A wide range of regulatory approaches exist across the largest Asian economies. At the most stringent end of the spectrum, China has banned all cryptocurrency exchanges and fundraising through ICO activities, effectively rendering ICOs an illegal activity within its borders. Financial institutions and third parties are prohibited from using virtual currencies in any way as part of a transaction. The country has also taken a hard-line approach to Bitcoin miners due to concerns over resource allocation and a potential crash in value, with prospective measures including limiting power supply to computer servers used to mine Bitcoin or amending land use and taxation laws in order to effectively halt their activities. This approach could further affect global Bitcoin transactions, as China is home to the majority of the world's Bitcoin mining operations. Chinese cryptocurrency traders have turned to over-the-counter platforms to invest in virtual currencies, although regulators may set their sights on that avenue in response.

At the other end of the spectrum, Japan adopted a law to regulate cryptocurrencies in 2016, which entered into effect in 2017, and cryptocurrencies are a legally recognized method of payment. Japan's Financial Services Agency (FSA) has authorized a total of 15 virtual currency exchanges. Similar to the SEC, the FSA issued a statement in October 2017 warning investors about the potential risks, highlighting specifically the potential for price volatility and the potential for fraud. Also like the SEC, the Japanese market regulator reminded the industry that certain ICOs resembling investments would be subject to regulations under the Financial Instruments and Exchange Act.

Whereas China and Japan have implemented ample measures to respond to virtual currencies, India has thus far taken little action. The government does not regulate any cryptocurrency exchanges, although it has indicated it is examining moving in that direction. However, any looming regulation appears more likely to be designed to control the sector, rather than foster its growth, as the country's finance ministry recently likened cryptocurrency trading to a Ponzi scheme and underlined the current absence of any investor protections.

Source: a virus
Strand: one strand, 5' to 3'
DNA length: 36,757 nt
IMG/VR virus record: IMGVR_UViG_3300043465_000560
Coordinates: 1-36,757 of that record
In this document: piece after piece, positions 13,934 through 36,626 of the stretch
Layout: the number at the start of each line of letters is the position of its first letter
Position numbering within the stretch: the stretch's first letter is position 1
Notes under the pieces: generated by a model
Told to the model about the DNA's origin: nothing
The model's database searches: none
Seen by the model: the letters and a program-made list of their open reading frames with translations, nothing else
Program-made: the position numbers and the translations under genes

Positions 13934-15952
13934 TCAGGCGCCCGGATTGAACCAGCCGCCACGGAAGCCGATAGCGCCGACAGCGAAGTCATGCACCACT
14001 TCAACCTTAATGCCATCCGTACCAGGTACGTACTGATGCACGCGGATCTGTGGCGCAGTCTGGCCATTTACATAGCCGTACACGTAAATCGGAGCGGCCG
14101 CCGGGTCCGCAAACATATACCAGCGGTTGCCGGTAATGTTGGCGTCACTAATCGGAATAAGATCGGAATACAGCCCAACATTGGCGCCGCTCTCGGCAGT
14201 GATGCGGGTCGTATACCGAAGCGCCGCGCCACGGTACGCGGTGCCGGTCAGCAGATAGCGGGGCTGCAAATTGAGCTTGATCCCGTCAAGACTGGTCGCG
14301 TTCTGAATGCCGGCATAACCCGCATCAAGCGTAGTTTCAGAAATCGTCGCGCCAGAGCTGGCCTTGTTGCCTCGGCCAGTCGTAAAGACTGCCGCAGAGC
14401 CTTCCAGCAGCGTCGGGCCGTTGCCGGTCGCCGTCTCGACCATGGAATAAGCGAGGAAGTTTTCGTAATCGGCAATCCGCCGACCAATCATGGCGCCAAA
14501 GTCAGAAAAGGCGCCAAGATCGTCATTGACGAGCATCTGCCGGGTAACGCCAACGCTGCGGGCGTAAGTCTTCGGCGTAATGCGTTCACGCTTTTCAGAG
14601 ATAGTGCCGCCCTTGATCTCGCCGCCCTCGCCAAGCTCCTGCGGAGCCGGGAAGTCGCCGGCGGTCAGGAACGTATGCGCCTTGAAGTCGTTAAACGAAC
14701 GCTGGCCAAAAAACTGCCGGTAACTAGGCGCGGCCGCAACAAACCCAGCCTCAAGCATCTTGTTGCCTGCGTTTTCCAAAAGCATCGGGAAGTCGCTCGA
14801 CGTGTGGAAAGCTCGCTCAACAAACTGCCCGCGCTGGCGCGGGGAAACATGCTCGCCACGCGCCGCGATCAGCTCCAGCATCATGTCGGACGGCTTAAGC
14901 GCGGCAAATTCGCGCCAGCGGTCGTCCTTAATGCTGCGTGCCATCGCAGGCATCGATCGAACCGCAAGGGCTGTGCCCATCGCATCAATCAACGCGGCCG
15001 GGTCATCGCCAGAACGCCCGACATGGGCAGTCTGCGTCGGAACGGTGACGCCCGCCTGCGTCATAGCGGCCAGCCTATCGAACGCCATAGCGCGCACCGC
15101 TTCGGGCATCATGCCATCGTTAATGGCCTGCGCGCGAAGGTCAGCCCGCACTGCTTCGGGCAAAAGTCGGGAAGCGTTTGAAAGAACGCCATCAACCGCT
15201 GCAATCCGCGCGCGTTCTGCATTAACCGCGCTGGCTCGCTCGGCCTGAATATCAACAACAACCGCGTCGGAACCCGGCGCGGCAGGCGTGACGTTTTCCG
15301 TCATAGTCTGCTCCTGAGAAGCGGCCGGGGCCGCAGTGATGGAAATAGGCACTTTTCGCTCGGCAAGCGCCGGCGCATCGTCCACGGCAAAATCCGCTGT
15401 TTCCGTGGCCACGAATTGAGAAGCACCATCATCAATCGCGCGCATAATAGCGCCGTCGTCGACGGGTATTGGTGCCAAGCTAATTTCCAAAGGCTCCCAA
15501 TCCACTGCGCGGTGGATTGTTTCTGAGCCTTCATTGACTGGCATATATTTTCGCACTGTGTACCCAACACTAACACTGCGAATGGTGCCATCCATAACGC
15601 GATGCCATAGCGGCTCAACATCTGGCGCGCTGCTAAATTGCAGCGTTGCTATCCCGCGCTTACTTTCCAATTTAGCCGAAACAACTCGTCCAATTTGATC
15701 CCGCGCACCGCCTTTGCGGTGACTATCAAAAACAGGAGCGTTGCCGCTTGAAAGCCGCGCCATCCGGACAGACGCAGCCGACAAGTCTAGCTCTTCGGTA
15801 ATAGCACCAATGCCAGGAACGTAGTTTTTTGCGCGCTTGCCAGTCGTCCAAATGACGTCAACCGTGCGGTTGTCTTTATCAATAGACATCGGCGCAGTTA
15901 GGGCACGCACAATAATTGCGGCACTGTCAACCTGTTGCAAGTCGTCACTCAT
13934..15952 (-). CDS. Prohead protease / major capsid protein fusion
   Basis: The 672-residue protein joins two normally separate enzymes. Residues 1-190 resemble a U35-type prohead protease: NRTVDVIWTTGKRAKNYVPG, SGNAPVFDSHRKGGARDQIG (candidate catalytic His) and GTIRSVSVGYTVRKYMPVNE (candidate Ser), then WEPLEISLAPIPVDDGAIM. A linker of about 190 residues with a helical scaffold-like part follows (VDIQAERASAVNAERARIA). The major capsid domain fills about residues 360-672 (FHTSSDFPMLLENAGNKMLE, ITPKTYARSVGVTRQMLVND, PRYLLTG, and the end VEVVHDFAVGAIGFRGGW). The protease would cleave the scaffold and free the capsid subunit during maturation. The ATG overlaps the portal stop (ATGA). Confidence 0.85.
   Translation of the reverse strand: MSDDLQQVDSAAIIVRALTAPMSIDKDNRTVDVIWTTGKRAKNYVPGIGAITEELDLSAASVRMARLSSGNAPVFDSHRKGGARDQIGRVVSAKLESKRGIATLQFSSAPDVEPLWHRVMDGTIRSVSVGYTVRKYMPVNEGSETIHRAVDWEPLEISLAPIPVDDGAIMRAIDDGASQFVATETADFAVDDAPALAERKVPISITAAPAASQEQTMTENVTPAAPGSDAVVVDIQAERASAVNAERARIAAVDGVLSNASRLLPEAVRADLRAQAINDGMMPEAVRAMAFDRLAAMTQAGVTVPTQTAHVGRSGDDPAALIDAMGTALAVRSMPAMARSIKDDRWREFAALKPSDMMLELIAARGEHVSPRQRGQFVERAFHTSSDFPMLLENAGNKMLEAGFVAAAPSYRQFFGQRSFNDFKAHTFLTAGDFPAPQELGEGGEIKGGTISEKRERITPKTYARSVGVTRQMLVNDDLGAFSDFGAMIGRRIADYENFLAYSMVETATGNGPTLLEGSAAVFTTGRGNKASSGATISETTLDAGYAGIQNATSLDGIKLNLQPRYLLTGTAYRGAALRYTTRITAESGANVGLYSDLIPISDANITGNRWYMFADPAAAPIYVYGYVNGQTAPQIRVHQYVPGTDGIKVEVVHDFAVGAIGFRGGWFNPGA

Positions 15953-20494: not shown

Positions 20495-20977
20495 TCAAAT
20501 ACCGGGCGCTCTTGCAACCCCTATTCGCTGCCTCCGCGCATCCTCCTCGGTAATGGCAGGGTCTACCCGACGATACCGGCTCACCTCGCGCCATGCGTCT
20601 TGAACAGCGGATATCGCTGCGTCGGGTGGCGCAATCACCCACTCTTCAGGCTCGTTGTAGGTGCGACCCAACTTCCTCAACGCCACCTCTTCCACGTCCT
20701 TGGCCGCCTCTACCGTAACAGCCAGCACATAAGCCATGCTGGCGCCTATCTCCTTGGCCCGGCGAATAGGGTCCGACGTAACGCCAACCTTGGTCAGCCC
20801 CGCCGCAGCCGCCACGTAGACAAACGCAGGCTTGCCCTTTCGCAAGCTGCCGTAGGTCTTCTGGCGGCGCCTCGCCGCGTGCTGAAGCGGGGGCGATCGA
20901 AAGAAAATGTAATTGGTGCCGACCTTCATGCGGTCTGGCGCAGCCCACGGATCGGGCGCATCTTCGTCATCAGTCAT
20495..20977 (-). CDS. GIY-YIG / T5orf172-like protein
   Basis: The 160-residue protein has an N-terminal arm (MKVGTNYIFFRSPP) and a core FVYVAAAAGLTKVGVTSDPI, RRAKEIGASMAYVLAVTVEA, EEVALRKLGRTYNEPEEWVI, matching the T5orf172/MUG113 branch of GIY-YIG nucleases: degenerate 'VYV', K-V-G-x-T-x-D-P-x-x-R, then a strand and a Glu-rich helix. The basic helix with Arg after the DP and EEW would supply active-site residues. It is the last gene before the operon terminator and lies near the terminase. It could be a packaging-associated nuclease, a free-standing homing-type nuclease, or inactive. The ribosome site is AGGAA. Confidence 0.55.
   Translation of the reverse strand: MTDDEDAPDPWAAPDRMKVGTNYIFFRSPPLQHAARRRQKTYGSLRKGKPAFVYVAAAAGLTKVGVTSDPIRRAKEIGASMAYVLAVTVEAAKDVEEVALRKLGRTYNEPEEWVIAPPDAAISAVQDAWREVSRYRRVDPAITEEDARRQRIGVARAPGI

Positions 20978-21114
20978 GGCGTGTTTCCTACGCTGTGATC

Finally, South Korea had been similarly slow to impose regulations, despite being the third-largest cryptocurrency market in the world, behind the U.S. and Japan. However, late in 2017 the government unveiled additional measures to regulate the emerging sector and cool the "irrationally overheated" virtual currency speculation, and the Financial Services Commission issued a ban on ICOs, promising unspecified "stern penalties" for any violations. The new legislation prohibits anonymous cryptocurrency accounts and promises ongoing regulatory monitoring of cryptocurrency exchanges. The regulator has since launched inspections of six of the country's largest commercial banks in order to ensure compliance with cryptocurrency anti-money-laundering obligations.


Although cryptocurrencies were previously banned in Russia, the past year saw a liberalization of the government's approach in response to President Vladimir Putin's public support for its greater adoption. This culminated in legislation in December that would allow for exchanges and ICOs, albeit with maximum amounts for both individual investors and total fundraising. The legislation is expected to be finalized in early 2018.

Obviously, the global regulatory environment in which cryptocurrencies operate is varied and rapidly changing. Now that regulators have waded into asserting a supervisory role over this emerging sector, further developments can be expected in the year ahead.

The content of this article is intended to provide a general guide to the subject matter. Specialist advice should be sought about your specific circumstances.